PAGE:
National high school graduation rates rose by 6.9 percent in 2020.

Iowa State researchers found national high school graduation rates rose in 2020. Due to the COVID-19 pandemic, many students lost their jobs resulting in higher school attendance rates.

John Winters, associate professor in economics, and two graduate students, Kunwon Ahn and Jun Yeong Lee, created a working paper on this research, which is a part of an elongated publishing process between peers and professionals.

Even with supporting evidence against the success of online students compared to face-to-face instruction, the study found the high school graduation rate rose by 6.9 percent in 2020 compared to other years.

“However, our results do not imply that no students were harmed. It is also important to recognize that the quality of education was likely reduced,” the researchers wrote in their paper.

From an economic standpoint, Winters said he thinks of education as an investment. Some high school students see a larger benefit to receive pay at a preliminary job and choose to pursue that full time instead of completing school.

As many young people lost their jobs over the pandemic, it removed outside distractions and motivations. Winters determined this to be one of the factors that helped increase the graduation rate.

Education as an economic concept is a subject area that has become increasingly more popular among Iowa State researchers, Winters said.


From left to right: Kunwon Ahn, Jun Yeong Lee and John Winters.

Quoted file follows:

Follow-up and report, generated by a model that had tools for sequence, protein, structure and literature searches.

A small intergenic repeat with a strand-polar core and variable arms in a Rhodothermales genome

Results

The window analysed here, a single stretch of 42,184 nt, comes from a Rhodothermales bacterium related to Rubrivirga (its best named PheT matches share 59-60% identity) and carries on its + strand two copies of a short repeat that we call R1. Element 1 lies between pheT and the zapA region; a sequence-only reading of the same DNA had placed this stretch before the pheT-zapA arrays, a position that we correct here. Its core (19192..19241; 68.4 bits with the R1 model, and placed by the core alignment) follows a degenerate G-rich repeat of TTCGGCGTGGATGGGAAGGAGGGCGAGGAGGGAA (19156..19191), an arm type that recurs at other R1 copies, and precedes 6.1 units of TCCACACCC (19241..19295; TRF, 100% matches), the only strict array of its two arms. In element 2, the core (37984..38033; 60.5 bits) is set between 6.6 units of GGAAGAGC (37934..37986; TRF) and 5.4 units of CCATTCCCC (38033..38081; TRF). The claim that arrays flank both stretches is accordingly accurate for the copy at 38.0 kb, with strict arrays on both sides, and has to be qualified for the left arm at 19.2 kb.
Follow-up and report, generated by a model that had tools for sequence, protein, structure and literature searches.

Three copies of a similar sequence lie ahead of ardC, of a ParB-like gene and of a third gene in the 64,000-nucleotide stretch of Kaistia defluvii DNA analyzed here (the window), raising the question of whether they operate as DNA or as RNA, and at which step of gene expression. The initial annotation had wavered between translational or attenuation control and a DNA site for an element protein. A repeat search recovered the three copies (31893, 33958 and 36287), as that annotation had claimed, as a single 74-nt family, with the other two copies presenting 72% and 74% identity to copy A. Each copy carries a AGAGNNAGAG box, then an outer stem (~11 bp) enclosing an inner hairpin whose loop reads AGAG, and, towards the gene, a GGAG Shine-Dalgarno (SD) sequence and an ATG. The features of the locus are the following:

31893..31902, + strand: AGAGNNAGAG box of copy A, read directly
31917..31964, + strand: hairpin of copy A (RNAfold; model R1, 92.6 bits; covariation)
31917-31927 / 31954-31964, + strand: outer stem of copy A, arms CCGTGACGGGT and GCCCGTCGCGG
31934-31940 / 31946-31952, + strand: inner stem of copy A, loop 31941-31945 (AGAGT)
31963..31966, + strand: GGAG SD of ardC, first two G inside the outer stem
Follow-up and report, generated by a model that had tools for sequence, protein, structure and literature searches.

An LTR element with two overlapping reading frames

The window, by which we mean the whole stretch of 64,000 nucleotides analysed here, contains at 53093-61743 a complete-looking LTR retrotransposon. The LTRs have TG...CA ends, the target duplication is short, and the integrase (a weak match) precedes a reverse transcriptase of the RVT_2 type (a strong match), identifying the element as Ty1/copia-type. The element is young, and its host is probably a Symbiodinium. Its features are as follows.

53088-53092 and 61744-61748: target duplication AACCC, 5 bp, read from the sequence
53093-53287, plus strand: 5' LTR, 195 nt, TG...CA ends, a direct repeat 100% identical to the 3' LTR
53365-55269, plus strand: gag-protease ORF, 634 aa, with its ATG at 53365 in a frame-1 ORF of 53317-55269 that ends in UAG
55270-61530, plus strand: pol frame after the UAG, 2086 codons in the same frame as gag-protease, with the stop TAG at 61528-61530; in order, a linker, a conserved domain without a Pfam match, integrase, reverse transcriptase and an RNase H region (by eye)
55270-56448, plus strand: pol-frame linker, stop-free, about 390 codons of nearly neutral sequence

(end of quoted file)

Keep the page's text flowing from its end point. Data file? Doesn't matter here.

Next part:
“I thought it was valuable to study how the aftermath of the pandemic, which this generation had never experienced before, was delivered to our future generations,” Lee wrote in an email.

After COVID-19 numbers and death rates were reported, Winters said this finding was a silver lining in a time when everything was seemingly falling apart.

Seeing the numbers of graduation rates rise, Winters said, was “a momentary catching of our breath.”

The research team wants to continue to move through the process of finalizing the research and paper, but it could be years before it is officially released.

According to Leah Silverberg for Afterschool Alliance, Iowa had already reached the 90 percent national graduation rate goal in 2018. In 2020, Iowa’s historical high school graduation rate is 91.6 percent, according to the Iowa Department of Education.

Winters said he was not sure what to expect in terms of results when he began research for the paper, but wasn’t surprised when high school graduation rates were found to rise this year.

“When the economy dried up, obviously a lot changes and those who thought of dropping out and going full time into the workforce found that it wasn’t an option,” Winters said.

(1) comment

Serena Parker

I think that the reason isn't only in losing jobs. Students have more time for more deep understanding and learning of the subject. A lot of them use additional resources, such as and numerous informational databases. A lot of services provide assignment help, which also increases academic performance.

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